He says he earned this slot partly through family connections. "After her father died, Mary Rodgers was invited to a conversation at her mother's house about what to do with the R&H office. They talked about a bunch of possible people, and apparently Mary said, 'I know, I know It should be Betty and Schuyler's son, Ted.' I was running the Musical Theatre Lab at the time, and Mary called me, and that seemed like a very interesting idea."

At age 58, after 28 years on the job, the idea still interests him. "I had no gray hair when I got here," he says, laughing. "No two days have ever been alike. Because I don't have a job description, I've kinda made it up as I've gone along — with the support of the families. If there's anything I think my job is, it's to keep the Rodgers and Hammerstein copyrights alive and well — and it's also about managing them creatively."

Isabelle Stevenson, who was ATW president for 33 years, brought Chapin into the Wing fold when she asked him to help moderate its "Working in the Theatre" seminars, which are telecast on the CUNY station — and he continues to do them to this day. But, at the time, it was a window he'd never opened before. "I told her, 'Yes, I'll try. I've never done this before. I'll sink or swim alone.'"

Not only did Ted Chapin not sink, he is now chairman of the board, with high hopes for what's ahead: "I would like the Wing to be more responsive in the future to the general needs of the theatre world. It's a big notion, but the Wing has always been responsive that way. In fact, in the old days, the Wing seemed to be there by itself. There weren't any other organizations around, helping and supporting. It would be helpful if the Wing could be the go-to place for information and support for theatre."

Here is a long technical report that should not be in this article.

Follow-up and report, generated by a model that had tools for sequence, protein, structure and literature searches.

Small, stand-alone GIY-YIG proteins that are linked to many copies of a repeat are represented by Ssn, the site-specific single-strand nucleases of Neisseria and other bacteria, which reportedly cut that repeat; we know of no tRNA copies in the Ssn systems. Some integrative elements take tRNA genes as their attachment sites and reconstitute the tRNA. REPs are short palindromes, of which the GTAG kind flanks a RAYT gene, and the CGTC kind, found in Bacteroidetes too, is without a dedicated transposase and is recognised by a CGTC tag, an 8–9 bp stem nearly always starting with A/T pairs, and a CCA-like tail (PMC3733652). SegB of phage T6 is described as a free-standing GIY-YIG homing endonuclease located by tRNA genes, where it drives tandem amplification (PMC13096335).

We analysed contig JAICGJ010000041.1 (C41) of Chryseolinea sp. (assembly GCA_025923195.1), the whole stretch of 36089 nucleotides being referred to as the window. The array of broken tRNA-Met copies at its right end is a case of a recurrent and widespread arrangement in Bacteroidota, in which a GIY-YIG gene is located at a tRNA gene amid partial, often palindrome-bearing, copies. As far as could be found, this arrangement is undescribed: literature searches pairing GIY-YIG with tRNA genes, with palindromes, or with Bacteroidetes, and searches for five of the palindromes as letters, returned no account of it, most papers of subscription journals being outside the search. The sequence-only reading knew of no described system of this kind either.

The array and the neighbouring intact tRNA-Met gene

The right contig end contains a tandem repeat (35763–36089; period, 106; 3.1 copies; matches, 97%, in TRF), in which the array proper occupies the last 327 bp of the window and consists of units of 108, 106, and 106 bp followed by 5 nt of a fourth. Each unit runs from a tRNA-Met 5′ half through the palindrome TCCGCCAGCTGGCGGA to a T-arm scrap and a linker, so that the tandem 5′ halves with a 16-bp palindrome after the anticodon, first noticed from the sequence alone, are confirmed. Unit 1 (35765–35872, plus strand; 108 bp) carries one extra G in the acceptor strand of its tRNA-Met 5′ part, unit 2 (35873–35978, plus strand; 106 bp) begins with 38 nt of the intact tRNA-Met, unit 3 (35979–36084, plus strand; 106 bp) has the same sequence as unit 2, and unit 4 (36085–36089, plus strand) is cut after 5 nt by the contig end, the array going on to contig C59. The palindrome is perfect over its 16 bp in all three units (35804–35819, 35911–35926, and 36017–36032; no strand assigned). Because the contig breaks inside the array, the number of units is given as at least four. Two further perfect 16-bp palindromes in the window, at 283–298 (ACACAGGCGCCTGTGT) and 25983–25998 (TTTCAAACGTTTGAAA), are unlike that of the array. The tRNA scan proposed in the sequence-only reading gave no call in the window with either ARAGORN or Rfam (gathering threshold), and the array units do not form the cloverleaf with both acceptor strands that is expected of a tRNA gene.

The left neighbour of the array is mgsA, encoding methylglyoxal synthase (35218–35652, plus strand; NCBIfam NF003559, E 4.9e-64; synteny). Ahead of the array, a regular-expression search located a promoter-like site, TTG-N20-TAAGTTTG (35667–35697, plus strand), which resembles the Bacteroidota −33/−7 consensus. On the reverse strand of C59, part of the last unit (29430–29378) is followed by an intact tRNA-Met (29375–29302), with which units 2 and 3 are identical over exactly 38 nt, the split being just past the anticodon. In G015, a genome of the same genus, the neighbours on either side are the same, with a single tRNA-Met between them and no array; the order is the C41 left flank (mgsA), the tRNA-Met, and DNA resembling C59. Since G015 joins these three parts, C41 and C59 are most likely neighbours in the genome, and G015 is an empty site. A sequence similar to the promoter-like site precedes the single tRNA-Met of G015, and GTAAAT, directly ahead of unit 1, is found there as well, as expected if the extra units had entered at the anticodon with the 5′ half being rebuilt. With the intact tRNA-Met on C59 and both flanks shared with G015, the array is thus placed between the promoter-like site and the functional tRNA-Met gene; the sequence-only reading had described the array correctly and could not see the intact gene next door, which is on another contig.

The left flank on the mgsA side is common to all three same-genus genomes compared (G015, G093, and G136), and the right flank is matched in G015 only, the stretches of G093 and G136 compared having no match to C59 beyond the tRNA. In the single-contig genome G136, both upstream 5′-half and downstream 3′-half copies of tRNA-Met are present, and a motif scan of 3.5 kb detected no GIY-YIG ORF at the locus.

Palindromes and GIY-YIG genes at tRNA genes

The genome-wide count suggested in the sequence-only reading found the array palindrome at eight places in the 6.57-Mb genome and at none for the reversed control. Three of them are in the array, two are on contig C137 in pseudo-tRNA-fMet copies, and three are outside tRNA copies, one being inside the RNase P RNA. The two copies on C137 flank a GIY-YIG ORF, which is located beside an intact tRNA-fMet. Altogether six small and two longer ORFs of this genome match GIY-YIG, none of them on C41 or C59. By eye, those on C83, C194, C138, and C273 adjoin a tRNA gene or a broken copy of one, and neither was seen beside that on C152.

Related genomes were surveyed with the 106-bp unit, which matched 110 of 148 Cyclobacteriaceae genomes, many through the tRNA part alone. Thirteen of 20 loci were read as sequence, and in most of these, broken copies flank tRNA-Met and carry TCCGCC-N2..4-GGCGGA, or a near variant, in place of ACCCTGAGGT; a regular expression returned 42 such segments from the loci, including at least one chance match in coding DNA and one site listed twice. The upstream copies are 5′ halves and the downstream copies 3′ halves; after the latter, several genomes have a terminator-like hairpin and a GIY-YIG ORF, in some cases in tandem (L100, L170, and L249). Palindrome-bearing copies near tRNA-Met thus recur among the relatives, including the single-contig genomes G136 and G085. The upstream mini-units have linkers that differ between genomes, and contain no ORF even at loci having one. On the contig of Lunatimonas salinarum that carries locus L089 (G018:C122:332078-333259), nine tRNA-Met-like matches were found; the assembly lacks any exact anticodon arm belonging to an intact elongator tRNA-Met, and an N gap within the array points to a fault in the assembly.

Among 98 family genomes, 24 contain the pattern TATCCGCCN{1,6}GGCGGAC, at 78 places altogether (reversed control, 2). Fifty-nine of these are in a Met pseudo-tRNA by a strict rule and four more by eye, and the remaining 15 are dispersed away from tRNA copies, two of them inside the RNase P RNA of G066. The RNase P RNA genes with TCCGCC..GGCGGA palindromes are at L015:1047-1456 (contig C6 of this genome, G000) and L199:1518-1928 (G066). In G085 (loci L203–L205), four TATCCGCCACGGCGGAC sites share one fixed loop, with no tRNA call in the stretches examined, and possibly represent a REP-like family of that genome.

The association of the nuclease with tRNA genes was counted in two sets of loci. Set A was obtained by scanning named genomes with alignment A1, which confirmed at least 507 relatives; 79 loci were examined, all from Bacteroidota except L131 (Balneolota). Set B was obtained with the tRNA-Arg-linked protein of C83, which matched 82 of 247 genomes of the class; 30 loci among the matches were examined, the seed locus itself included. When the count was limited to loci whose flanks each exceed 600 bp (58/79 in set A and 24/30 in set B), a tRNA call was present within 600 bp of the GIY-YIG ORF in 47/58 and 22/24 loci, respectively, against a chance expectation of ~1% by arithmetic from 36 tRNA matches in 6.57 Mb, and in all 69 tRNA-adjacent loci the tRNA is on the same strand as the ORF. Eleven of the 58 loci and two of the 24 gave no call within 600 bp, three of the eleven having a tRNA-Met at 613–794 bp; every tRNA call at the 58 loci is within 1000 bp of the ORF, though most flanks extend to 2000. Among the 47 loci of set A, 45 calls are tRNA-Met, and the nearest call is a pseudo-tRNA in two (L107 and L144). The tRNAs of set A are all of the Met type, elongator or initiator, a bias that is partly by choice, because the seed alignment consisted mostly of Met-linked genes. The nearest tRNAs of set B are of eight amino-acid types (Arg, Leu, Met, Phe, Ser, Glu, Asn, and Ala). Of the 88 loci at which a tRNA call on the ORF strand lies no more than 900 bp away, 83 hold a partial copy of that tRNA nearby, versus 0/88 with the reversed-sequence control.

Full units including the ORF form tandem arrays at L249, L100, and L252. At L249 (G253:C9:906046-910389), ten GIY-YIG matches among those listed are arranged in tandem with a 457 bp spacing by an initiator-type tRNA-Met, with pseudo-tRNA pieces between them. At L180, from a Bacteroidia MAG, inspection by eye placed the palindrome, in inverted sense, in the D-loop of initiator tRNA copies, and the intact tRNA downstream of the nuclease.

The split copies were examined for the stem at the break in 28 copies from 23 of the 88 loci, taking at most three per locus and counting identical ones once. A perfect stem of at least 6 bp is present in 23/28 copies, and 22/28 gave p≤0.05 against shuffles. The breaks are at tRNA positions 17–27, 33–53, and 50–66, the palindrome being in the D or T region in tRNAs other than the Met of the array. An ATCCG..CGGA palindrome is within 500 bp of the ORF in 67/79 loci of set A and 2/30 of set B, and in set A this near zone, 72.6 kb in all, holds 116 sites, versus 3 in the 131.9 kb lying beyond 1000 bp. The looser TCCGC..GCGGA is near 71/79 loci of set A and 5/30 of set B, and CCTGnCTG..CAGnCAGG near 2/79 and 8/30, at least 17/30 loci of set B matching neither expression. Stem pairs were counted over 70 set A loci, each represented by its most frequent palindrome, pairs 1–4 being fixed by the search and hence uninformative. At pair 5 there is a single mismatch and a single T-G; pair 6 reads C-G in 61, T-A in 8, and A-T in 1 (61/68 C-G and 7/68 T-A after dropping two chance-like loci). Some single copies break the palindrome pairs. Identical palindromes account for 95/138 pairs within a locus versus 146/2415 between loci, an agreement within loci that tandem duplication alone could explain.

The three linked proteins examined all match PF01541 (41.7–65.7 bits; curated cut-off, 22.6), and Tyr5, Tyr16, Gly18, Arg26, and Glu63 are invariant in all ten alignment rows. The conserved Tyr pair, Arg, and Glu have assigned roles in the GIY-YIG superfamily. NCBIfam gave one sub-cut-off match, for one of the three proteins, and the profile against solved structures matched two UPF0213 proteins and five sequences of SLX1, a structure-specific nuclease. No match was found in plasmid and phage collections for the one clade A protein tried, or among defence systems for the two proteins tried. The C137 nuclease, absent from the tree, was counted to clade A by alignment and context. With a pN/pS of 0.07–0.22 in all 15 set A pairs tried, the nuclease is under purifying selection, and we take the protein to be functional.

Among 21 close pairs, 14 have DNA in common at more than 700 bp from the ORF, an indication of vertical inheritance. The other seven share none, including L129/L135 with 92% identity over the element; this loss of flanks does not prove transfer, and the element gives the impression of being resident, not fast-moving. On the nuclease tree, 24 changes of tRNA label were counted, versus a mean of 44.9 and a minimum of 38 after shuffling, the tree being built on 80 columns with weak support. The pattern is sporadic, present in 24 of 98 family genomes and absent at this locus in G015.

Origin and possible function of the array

There are, he points out, projects that the Wing still takes on — like The Jonathan Larson Grant for young writers of musical theatre and SpringboardNYC which allows college graduates a couple of intense weeks in New York working with theatre professionals.

At Christmas, the Wing plays Santa, making grants to the nonprofits at a luncheon at Sardi's. The long line of recipients, he says, "starts at Lincoln Center and goes to Roundabout and then proceeds to SoHo."

He explains, "When there's money, that's a great thing to do because it's spreading the good word around that some money — although it's modest — is being sent to theatres to keep them active. Also, the theatre community loves gatherings. They love the opportunity for a small Off-Off Broadway theatre company to sit at a table with Bernie Gersten [of Lincoln Center Theater] and talk shop. That's one thing I'd love to do with this luncheon — make it more of a community-sharing experience."

This profile appears in the Playbill for the 2009 Tony Awards at Radio City Music Hall.